For the past three years, I’ve played a major part in organising an event for Off the Shelf, Sheffield’s literary festival, which runs for three weeks in Sheffield throughout the city. Two years ago, I ran my own memoir writing course, and last year, I led a storytelling walk for families in the beautiful Rivelin Valley on a beautiful autumnal day.
Over the past year, I’ve become involved as a volunteer for Walkley Carnegie Library, my local library. Due to council cuts, many libraries in Sheffield now rely on volunteers to keep running. Ironically, because the volunteers are so passionate about the library, the range of events and services available is wider than ever, from pre-school storytelling, to knitting clubs and book sales. In March, I helped out at the launch of local bestselling author Gavin Extence’s new novel, The Mirror World of Melody Black. That gave me an idea. What about an event that showcased the talents of Walkley’s writers?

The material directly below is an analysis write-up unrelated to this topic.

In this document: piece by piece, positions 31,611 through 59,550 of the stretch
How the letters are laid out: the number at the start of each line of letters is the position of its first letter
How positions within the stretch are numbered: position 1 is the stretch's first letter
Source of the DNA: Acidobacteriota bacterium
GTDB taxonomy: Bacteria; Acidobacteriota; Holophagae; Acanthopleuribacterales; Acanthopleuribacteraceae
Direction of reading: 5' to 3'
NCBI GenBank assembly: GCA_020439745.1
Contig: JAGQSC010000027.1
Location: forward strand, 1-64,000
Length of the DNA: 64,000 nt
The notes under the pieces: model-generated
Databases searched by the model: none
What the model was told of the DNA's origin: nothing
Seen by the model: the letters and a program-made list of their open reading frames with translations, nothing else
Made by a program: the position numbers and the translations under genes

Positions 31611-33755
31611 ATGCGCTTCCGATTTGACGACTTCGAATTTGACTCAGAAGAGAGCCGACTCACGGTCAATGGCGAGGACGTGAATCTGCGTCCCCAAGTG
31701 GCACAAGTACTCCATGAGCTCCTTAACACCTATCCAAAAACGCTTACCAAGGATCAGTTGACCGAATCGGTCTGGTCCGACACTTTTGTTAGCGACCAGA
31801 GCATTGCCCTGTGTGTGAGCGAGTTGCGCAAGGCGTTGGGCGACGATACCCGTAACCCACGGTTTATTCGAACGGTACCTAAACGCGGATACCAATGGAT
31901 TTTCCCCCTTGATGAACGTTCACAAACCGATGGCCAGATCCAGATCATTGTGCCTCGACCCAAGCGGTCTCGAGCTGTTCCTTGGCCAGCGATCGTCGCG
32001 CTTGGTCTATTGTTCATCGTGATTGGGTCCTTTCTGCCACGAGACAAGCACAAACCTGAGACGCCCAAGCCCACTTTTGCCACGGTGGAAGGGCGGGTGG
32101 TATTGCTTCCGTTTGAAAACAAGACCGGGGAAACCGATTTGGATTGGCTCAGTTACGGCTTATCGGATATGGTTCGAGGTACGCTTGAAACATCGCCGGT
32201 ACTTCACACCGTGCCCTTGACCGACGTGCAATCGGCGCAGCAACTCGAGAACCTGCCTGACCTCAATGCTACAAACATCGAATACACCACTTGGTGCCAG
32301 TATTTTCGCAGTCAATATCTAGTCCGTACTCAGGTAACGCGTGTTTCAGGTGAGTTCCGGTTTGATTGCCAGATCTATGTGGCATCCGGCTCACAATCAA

Walkley is an underrated suburb of Sheffield, in my opinion. The houses are mostly small terraces, sliding downhill towards the Rivelin valley on one side and the tram tracks running towards Hillsborough on the other, but there are some much larger older houses with huge gardens. All sorts of people live here – those who’ve lived in Walkley for generations, young professionals, families and students who appreciate a quieter life than they’d get down the hill in Crookesmoor. Yet, in May, the doors of many Walkley houses, big and small, open at the beginning of May for the annual Open Up event. Lots of artists live here, working hard in attic bedrooms and studios. There are lots of writers too, which I’ve realised by gradually meeting and chatting to people. Walkley is a hotbed of quiet creativity. We need to connect with each other, and encourage the new writers of the future.